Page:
Dunning-Kruger Effect: You know less than you think

Dunning Kruger
 
A little knowledge can be a dangerous thing.

The ‘Dunning-Kruger Effect’ is a cognitive bias which causes people of low ability within a field to have the illusion of skill and mistakenly assess their own ability as greater than it is.

The concept was officially coined by the psychologists, Dunning and Kruger, who won the Ig Nobel Prize in 2001.

The result of this cognitive error is that people who are incompetent at something are unable to recognise their own incompetence…

You’ve probably recognised the Dunning Kruger effect before…

Watching people who enter Australian Idol or The Voice who think they can sing, but really can’t.

Or the P plate drivers who rate their driving skills as better than their parents.

The Dunning Kruger effect can be seen in all walks of life and it can have embarrassing (and dangerous) consequences.

What we know is that people tend to be most confident with a little bit of knowledge but only after time do they realise that they knew less than they thought.

Dunning Kruger Effect
 

“The fool thinks himself to be wise, while a wise man knows himself to be a fool”
Shakespeare

 

Dunning Kruger and investing

Investing is one of those areas where it’s easy to get confident in your own skill, and quickly. Especially after a few wins. The very first share I bought in 1996 rose by 22.8%, I thought I was a genius and I quickly gained confidence.

Dunning Kruger Effect
 

But in truth I had no advantage over every other speculator. Many first time investors fall for the same costly illusion. The fact that 80% of professionals can’t beat the market by picking shares should tell you that picking shares is an endeavour almost entirely decided by luck, not skill.

The same goes for those speculating in bitcoin and cryptocurrency which I wrote a fortuitously timed blog on in December 2017: Should you invest in bitcoin.

Many of the people buying bitcoin in late 2017 appeared to know very little about investing and were only buying because of FOMO. Many of these same people were self-proclaimed cryptocurrency investment experts predicting never ending profits with an increasing level of conviction despite having little experience with market cycles.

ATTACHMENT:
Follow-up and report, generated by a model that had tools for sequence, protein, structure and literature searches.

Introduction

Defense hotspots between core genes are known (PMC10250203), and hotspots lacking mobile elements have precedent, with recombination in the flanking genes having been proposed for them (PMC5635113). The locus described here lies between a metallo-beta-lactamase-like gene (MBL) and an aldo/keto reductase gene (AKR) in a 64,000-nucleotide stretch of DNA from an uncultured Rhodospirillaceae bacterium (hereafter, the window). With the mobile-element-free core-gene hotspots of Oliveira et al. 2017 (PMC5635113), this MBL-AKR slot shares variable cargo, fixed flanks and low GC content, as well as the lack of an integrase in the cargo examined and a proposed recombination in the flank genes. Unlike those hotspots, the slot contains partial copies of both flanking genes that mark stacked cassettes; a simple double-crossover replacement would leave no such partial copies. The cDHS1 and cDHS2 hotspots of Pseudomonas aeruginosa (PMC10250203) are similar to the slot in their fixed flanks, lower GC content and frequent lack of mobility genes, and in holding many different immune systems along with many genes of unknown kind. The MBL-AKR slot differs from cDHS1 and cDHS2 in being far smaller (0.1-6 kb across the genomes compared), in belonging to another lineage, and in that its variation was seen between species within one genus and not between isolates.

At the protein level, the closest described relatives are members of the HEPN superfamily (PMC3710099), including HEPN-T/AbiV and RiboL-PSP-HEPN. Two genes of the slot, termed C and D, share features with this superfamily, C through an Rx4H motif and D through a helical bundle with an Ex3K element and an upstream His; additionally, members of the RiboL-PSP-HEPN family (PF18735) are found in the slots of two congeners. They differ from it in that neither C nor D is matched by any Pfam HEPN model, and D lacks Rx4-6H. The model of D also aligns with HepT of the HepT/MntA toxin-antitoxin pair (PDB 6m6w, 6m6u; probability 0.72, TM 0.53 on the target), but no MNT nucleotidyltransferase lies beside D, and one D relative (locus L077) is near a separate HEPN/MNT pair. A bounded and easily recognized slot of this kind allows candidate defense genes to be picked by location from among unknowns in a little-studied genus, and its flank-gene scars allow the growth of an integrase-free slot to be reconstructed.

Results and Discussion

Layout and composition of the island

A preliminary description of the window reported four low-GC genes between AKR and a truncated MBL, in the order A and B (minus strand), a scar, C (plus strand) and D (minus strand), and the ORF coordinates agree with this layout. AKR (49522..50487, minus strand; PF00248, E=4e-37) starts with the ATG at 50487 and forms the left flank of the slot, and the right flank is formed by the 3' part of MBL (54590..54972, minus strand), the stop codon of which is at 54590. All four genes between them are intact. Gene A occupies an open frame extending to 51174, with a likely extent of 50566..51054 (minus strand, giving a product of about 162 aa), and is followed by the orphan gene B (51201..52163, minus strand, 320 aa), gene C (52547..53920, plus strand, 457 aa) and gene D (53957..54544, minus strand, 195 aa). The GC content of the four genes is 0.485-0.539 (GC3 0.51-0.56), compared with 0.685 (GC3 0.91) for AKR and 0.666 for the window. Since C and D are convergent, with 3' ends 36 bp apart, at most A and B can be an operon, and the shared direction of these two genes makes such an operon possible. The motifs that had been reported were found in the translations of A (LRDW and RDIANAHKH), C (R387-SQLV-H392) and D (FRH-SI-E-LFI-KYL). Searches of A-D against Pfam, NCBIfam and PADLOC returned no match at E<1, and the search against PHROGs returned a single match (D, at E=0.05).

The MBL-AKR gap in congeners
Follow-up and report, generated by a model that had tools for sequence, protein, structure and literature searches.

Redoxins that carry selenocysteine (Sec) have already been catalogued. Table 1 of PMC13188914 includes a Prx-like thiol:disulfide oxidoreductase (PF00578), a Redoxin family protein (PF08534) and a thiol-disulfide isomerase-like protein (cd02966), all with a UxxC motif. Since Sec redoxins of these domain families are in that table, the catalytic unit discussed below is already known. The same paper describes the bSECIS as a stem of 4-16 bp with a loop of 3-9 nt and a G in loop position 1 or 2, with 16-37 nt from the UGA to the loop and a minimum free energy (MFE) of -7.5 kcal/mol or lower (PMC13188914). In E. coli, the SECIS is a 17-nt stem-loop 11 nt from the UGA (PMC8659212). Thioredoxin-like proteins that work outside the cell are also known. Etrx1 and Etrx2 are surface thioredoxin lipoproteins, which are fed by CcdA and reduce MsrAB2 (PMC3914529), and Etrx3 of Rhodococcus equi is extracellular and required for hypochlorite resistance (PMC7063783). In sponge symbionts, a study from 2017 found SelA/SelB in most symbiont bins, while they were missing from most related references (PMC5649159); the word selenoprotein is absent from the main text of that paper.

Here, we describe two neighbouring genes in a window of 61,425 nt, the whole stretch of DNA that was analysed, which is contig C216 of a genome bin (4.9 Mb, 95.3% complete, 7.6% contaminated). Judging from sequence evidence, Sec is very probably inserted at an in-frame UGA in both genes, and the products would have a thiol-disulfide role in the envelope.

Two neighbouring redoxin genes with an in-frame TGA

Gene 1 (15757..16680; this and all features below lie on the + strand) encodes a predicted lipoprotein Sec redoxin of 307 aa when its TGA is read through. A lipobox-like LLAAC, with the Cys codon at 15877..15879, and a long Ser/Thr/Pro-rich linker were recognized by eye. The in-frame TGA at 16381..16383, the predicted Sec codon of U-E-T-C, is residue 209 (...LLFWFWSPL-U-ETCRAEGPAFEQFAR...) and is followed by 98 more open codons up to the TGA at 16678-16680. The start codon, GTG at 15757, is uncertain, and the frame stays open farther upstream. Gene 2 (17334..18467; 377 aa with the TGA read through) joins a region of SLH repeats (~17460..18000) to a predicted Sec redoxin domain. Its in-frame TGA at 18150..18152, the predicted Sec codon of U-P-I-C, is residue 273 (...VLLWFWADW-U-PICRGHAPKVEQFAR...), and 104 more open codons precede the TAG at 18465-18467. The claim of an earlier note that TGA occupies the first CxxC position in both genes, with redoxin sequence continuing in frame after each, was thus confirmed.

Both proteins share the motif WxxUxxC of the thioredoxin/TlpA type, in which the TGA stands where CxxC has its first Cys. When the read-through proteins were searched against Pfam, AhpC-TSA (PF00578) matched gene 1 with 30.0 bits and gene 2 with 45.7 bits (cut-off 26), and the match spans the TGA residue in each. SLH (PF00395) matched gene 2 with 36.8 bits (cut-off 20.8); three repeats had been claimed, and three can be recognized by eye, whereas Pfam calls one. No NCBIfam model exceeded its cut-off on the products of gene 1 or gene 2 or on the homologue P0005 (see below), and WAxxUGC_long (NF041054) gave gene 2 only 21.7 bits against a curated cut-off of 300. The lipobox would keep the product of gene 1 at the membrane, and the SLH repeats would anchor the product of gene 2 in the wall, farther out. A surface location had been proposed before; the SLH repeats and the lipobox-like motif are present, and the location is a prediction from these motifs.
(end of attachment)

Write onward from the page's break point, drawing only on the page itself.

One such expert sat on a panel alongside me on the Weekend Today show in January 2018. He had made a fortune ($4 million) on Power Ledger, and Australian-based crypto token which had exploded in value from $0.15 to $1.60 in less than 2 months. That’s a 1,000% return!

I asked him whether he had invested in any markets before cryptocurrency… his response was that it was his first time investing in anything. I then asked him whether he planned to sell any to lock in some profits and diversify his personal wealth. His response was no, it could only go up from here.

Today Power Ledger trades at $0.08, down 96% from its January 2018 high.

I think a lot of cryptocurrency experts like Ian confused domain expertise (knowing how cryptocurrency works) with investment experience (knowing how markets work). He underestimated how much he didn’t know.

The paradox of expertise

“The broader and deeper your knowledge, the more readily you will say “I don’t know,” thereby convincing the typical person that your knowledge is narrow and shallow.”
Jason Zweig

Finance is one of those fields where the term expert is a loose concept. There are plenty of finance commentators who are called experts because they speak with confidence and conviction about the future, however that doesn’t mean they’re right more often than wrong.

Many market commentators would be better described as ‘investment sales people’. While they might have the gift of the gab, the fact that they can talk about a lot of different investment topics with conviction makes everything they say rather unhelpful since you never know whether they have real expertise or are suffering from the Dunning Kruger effect.

What I find more valuable is identifying experts who are prepared to say ‘I don’t know’ often. That way when they do have an opinion you can be confident it’s within their circle of expertise. As Warren Buffett once said “It’s a terrible mistake to think you have to have an opinion on everything”.

Know how much you know

As an investor, the most valuable knowledge you can have is not whether markets are going up or down, or what share to buy. It’s knowing how much you really know.

It’s okay to know a lot (some people do!), and ok to know only a little, so long as you realise. What matters most is accurately assessing where your unfamiliarity begins and not fooling yourself into thinking that you know more than you do.

Rather than guess what’s going to happen next, if you can predict how you’ll react to an unpredictable future, you’ll have something that most overconfident experts are missing: self-awareness and humility.

 

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Chris Brycki

Stockspot Founder and CEO